And Ezra opened the book in the sight of all the people, and as he opened it all the people stood. And Ezra blessed the LORD, the great God, and all the people answered, “Amen, Amen,” lifting up their hands. And they bowed their heads and worshiped the LORD with their faces to the ground. Also…the Levites helped the people to understand the Law, while the people remained in their places. They read from the book, from the Law of God, clearly, and they gave sense, so that the people understood the reading. --Nehemiah 8:5-6, 7b-8
This passage shows a number of important points regarding worship:
· Nehemiah mentions “all the people.” Private devotion times are essential to our Christian walk, but ultimately we need to be with each other for mutual encouragement and discipline. Worship in Scripture is corporate.
· Ezra’s act of opening the Book of the Law before the people shows that the people understood that worship involves more than just praise music. The act takes place under the authority of God’s word.
· When Ezra blesses “the LORD, the great God,” he does so with recent history in mind. The people had rebuilt the walls of the city during great opposition, and they acknowledged God’s protection. They recognized his greatness during the difficult times.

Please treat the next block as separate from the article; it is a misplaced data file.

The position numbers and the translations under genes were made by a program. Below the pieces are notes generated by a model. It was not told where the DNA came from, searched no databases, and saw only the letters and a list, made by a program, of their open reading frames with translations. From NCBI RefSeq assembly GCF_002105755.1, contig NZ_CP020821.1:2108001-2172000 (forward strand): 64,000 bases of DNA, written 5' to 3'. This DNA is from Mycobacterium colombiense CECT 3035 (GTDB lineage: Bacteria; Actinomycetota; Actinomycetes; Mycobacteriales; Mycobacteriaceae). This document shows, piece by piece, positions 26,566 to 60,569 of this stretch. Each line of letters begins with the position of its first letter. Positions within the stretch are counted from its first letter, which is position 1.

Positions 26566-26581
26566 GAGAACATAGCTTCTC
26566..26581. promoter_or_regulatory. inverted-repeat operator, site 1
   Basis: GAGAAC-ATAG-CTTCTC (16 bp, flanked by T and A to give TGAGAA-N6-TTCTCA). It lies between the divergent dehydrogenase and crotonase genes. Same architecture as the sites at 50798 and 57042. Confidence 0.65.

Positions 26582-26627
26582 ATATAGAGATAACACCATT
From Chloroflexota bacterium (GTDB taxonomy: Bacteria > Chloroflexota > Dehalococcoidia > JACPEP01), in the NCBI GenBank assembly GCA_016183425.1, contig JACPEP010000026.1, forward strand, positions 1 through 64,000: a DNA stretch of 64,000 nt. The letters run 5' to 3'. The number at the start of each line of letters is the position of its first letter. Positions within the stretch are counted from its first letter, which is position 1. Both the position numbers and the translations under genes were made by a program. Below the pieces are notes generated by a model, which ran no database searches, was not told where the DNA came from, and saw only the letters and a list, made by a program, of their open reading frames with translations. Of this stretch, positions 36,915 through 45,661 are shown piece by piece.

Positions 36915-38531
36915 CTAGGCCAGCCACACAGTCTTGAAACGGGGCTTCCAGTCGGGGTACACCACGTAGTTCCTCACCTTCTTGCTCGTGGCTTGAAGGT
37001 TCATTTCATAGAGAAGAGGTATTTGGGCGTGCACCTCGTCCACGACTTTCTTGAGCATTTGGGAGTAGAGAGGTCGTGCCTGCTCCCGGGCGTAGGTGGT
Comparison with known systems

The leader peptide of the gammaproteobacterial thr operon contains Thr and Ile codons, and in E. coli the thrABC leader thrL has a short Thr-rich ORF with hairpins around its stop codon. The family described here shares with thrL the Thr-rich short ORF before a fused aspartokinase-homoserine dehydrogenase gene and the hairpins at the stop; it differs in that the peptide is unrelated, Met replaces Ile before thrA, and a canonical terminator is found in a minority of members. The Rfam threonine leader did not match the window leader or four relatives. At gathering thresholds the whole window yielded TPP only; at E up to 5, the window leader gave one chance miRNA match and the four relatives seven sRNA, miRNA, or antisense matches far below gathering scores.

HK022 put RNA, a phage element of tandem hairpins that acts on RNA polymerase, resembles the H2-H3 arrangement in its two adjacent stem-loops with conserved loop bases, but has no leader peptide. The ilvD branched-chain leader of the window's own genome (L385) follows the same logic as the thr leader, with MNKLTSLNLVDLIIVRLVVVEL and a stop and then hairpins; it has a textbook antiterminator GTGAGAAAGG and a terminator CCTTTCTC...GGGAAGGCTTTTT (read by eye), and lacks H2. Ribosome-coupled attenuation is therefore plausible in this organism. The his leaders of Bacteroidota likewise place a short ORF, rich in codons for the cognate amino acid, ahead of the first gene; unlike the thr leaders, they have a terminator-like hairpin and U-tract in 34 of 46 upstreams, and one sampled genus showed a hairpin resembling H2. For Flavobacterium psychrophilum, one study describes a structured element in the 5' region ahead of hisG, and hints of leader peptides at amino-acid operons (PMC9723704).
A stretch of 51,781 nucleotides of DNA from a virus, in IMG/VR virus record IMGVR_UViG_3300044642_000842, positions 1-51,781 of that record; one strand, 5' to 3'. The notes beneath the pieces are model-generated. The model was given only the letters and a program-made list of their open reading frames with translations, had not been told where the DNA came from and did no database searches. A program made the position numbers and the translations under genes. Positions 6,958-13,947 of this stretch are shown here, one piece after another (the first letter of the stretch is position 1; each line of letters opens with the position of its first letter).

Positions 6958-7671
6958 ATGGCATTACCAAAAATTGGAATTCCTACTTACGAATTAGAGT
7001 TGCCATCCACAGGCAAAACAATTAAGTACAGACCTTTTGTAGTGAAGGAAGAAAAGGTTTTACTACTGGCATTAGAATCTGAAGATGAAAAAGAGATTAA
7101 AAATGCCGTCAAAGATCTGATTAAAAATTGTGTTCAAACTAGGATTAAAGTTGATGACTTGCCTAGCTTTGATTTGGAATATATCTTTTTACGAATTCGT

· The people “bowed their heads and worshiped the LORD with their faces to the ground.” Not all worship is praise. Solemnity in worship is equally important appropriate.
· The section on the Levites’ assistance as teachers takes up the bulk of the paragraph. Nehemiah summarizes their work in three parts. First, the Levites read from the Book of the Law of God clearly. Second, they explained the meaning of what they read. And third, they made sure the people understood the reading.
This last section is the most important of all. Teaching is not separate from worship. It is the backbone. If we reduce worship to an act that feels good to us in the moment, we make God our slave, but if we understand worship to include hearing from God as well as voicing our response to God, we build a much deeper relationship with him.
Worship that has learned to listen as well as speak is able to transform us. The narrative shows that revival swept through their ranks. People were moved to tears over their oversight in worship. Nehemiah 8:9-9:38 describes the transformation that God accomplished among them. Worship alone may not sound like much, but its ultimate effects can be huge. It rescues us from the tyranny of irrelevant opinions and calls us to ground our thoughts in the sovereign God. That in turn makes our thinking knowledgeable and relevant.When our thinking is aligned with God’s word, we can become voices for reason and dialogue. We do not need to make our point by yelling. Finally, worship draws us into knowledgeable calmness. We can defend our position by reason, without resorting to force.